Procedural Textures | Procedural Textures: Gaming’s Future

This French company is getting a lot of press lately, so let’s talk about procedural textures for a bit. The first thing to note is that the company would be the first to admit that procedural textures aren’t new, so let’s take the hype down a notch. Some of us have been using them since before Photoshop was around, often of sheer necessity over personal preference.

What this company claims to have built is "better math" to represent more complex, organic phenomena, using Wavelets vs. Fouriers, I gather. That’s good. But the thing that typically holds procedural anything back isn’t the math, it’s the art tools, and those I haven’t seen. Perhaps they’ve solved that too. But that’s what they need to be showing the world, not the benefits of small game size.

There’s no reason someone couldn’t make a great photoshop-like app that computes everything procedurally. I mean, photoshop is actually somewhat procedural already, though the procedures are very basic, like "apply-airbrush-at-(100,200)" repeated a million times. It’s only for convenience and speed that we save files in JPEG form. Even JPEG is procedural, given that the format already stores the parameters needed to reconstruct your image, and not the raw image bits. The magic compression actually happens on those parameters as well.

The tradeoff, as with any kind of compression, is saving space vs. spending time. And one way to re-balance that equation is to have a game where textures change gradually over time. With standard texturing, you’d have a hard time of it, perhaps needing hundreds of variations built ahead of time. With procedural methods, you could expose certain parameters (it’s better called parametric texturing then) and get vastly different results with very little work.

The question is how many games need to morph their textures on the fly? And the answer is that this is useful not only for time-variant parameters, but also space-variant, e.g., creating instant diversity, making a forest where no two leaves are alike. Ultimately, though, you come up against the limitations of the hardware, where even procedural textures need to be expanded and cached as big textures for optimal rendering. Only so many can be stored and/or produced on the fly (there’s another drawback, in that most hardware now supports one or more pre-compressed texture formats, which are incompatible with procedural texturing, and so we waste valuable texture memory too.)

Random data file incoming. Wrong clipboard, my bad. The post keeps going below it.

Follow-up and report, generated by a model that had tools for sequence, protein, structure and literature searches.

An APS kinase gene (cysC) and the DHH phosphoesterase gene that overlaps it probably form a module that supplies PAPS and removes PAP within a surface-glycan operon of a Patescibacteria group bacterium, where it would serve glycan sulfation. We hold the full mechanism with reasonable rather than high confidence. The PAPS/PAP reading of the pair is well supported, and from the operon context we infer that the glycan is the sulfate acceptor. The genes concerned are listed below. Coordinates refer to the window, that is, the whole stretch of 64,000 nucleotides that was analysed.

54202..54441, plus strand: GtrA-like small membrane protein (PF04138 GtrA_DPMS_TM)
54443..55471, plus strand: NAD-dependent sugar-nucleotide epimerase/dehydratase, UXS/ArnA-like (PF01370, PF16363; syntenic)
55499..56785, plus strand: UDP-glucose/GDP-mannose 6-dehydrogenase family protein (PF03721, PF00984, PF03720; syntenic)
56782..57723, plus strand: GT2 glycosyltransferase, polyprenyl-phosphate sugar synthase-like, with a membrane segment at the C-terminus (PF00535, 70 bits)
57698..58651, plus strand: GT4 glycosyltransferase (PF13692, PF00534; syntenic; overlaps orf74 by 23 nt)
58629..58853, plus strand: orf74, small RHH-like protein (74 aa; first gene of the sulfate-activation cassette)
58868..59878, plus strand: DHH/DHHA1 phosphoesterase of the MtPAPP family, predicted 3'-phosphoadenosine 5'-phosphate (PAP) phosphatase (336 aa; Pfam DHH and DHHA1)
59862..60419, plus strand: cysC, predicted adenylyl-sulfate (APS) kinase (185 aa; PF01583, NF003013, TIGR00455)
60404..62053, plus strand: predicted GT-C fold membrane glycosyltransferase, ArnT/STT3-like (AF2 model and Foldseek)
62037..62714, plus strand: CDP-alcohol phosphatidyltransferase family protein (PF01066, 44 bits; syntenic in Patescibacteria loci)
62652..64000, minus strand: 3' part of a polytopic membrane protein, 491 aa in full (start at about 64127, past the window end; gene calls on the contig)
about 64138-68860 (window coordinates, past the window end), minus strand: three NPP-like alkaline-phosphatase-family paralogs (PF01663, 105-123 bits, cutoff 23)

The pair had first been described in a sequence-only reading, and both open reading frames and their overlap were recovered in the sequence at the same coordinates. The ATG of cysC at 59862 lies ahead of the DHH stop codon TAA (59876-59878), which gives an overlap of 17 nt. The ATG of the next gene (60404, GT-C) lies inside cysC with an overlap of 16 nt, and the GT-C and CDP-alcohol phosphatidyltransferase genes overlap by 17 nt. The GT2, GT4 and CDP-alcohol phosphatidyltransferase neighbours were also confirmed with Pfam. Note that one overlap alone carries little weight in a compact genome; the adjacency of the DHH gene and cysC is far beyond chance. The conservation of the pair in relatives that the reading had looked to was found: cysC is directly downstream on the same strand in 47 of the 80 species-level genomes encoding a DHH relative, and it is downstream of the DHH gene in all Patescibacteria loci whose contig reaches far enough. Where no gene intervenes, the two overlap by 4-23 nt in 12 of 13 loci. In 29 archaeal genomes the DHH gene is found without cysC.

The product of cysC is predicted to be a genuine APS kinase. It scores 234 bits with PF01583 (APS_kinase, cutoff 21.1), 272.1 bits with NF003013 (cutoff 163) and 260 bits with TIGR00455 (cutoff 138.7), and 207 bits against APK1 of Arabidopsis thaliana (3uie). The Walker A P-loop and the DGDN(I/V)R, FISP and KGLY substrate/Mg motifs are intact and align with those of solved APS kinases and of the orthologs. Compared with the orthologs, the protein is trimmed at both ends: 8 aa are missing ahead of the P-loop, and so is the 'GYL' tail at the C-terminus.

However, even with all of those technical issues, my thesis is that procedural modeling tools are indeed the future, as they solve a lot of important problems. But my sense is that the art tools aren’t quite there yet.

Making smaller textures may not matter much for games loaded from disk, as disk formats grow and the CPU time spent expanding the texture may match closely with the load times for less compressed versions. Where procedural texturing makes the most sense is where they need to be dynamic, or where they need to fit in a really small space or narrow pipe, like, for example, for on-line. That’s one reason some on-line worlds use procedural objects already — the CPU cost is worth it because the bandwidth is the bottleneck.

Ultimately, what artists really want is control of the final image quality, because that’s what they do for a living. So if you really want to sell them on the technology, the thing to emphasize is how they can re-use their work and do more in a day. If I can make 2X the number of textures because some of them are derived from others, that’s a big time saver, as long as I like the results.

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